courtesy of Alyssa HaleThe big 3-0: For many people, turning 30 means being solidly in the adult world in a tangible way -- whether that includes getting married or finding a long-term partner, having children, buying a home, or achieving career and financial goals.

But the recession put some speed bumps on many people's career tracks -- or sent them off their tracks altogether -- and today, a large number of early 30-somethings find themselves in a profoundly different position than they'd expected.

For instance, The Wall Street Journal recently pointed out that the Great Recession led to disproportionate unemployment among young people and also affected their long-term incomes. The article cites a Bureau of Labor Statistics study showing that most workers have historically enjoyed the greatest income growth before age 30.

It's a pattern that does not bode well for those turning 30 now.

Patrick EichholdPatrick Eichhold, a freelance designer and entrepreneur in Indianapolis who turned 32 on Sept. 3, says that he feels he has been "'just starting out' for nine years."

"I have not been satisfied with my career or income since the day I graduated college," says Eichhold. He graduated with lofty goals, "but no experience or plan on how exactly I was going to achieve them."

"So naturally, I am far behind where I thought I would be at this age," he says.

Struggling to find work

Alyssa Hale (pictured above) of Boston tells a similar story. After graduating college in 2001, she struggled to find a job. "After a couple years I finally found a sales job for a printing company," she says, "and then 2007-2008 hit."

"I had climbed to $57,000 in annual income," says Hale. "I was 28 years old. As the financial sector crashed, so did the start-ups, and funding disappeared. I was out of work for a year before I just started teaching yoga and looking for work."

"Now, at 31 years old, I make about $55,000 working for a marketing firm," she relates. "I have a house, a child, and a husband bringing in a little more than me, and it's almost impossible to balance our budget if an unexpected expense hits."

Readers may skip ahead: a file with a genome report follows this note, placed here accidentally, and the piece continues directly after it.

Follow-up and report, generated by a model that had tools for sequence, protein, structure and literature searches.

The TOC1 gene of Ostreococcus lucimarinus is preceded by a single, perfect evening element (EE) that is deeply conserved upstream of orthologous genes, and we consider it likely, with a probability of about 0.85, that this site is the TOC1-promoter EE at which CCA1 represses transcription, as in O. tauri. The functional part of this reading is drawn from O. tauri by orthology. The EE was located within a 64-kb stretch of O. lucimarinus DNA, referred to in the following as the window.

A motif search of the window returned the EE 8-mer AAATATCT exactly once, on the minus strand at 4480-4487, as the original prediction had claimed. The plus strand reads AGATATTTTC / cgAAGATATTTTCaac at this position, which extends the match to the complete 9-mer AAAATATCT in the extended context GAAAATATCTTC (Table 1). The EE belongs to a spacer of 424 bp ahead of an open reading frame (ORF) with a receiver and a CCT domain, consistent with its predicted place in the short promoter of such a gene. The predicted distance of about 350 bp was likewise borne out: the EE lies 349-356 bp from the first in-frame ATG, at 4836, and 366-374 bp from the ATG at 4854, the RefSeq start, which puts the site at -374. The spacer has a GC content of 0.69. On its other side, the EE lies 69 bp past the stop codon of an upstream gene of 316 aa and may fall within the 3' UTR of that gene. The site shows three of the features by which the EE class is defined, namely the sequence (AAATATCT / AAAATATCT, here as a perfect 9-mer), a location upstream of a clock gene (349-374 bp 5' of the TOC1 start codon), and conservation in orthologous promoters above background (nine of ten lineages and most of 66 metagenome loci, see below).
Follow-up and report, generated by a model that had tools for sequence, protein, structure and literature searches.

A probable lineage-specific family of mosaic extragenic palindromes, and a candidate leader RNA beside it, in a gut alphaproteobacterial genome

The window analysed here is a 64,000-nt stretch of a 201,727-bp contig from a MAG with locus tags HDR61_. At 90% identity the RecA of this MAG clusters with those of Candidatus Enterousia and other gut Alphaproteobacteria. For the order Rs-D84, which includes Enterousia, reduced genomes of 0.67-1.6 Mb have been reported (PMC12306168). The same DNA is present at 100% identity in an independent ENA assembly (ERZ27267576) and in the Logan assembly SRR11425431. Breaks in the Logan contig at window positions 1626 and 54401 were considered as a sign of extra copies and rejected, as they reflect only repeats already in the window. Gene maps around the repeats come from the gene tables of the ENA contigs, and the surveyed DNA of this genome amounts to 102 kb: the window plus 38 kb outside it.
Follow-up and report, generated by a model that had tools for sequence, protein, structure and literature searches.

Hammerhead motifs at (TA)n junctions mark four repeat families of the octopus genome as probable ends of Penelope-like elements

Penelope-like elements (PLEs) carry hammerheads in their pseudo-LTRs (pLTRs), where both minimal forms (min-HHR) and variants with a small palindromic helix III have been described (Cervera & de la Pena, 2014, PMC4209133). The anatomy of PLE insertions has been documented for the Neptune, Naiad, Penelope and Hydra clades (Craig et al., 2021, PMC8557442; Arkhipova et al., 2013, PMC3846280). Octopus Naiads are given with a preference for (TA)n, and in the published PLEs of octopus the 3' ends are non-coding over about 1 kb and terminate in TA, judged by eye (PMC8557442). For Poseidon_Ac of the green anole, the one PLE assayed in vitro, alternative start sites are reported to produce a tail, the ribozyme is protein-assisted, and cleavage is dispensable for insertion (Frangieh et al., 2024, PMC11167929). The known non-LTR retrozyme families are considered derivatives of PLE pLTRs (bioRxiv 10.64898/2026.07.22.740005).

Far from Financial Independence

Mark Gerlach works as a career counselor in Niagara Falls, N.Y., but says that, "At 30 years old, the closest I have been to financial independence was one year when my mother paid for my cell phone and loaned me $3,000 for a car."

Gen Xers had an easier time of finding jobs, he contends. "On the older side are people who got degrees in things like Romantic Victorian Children's Literature, and because the economy was generally in a decent state of growth, they got jobs straight out of college," Mark says.

In his view, his own generation did not have the same opportunities. "We got the rhetoric that a degree, any degree, was worth having. Some of us racked up $75,000 or more in debt to get that degree, and our first job out of college paid maybe $10 an hour," Gerlach says.

Worse still, he says, "A lot of my friends lost what little traction they'd gained on the corporate treadmill when they got laid off during the recession. Yes, they are starting back at the beginning."

Crushing Student Debt

Allison and Jim VanNestEven those who are happy with their careers still have financial issues, says Allison VanNest, who works at a start-up in the Bay Area and lives with her husband, an engineer, in East Oakland, Calif.

VanNest says felt mixed emotions when she turned 30 in July 20: "On one hand, I am very proud of my career and income, and this is exactly where I hoped I would be when I envisioned my future in college. However, due to what feels like insurmountable student loan debt, I don't feel like I will ever feel comfortable with my monetary situation."

"My husband attended Berklee College of Music in Boston and has more than $120,000 in student loan debt. I attended Emerson College (B.S.) and Lesley University (M.A.), also in the Boston area, and have more than $80,000 in student loan debt."

"I want to be debt-free and retirement-ready by the age of 50," says VanNest. "But I'm not even sure that I will be finished paying off my student loans by that time ... It's sad that everyone says that higher education is the way to go, but no one tells you how horrible paying off your loans will be. I mean, who signed off to give two 18-year-old kids more than $200,000 in loans that they had no way of paying back? It's crazy."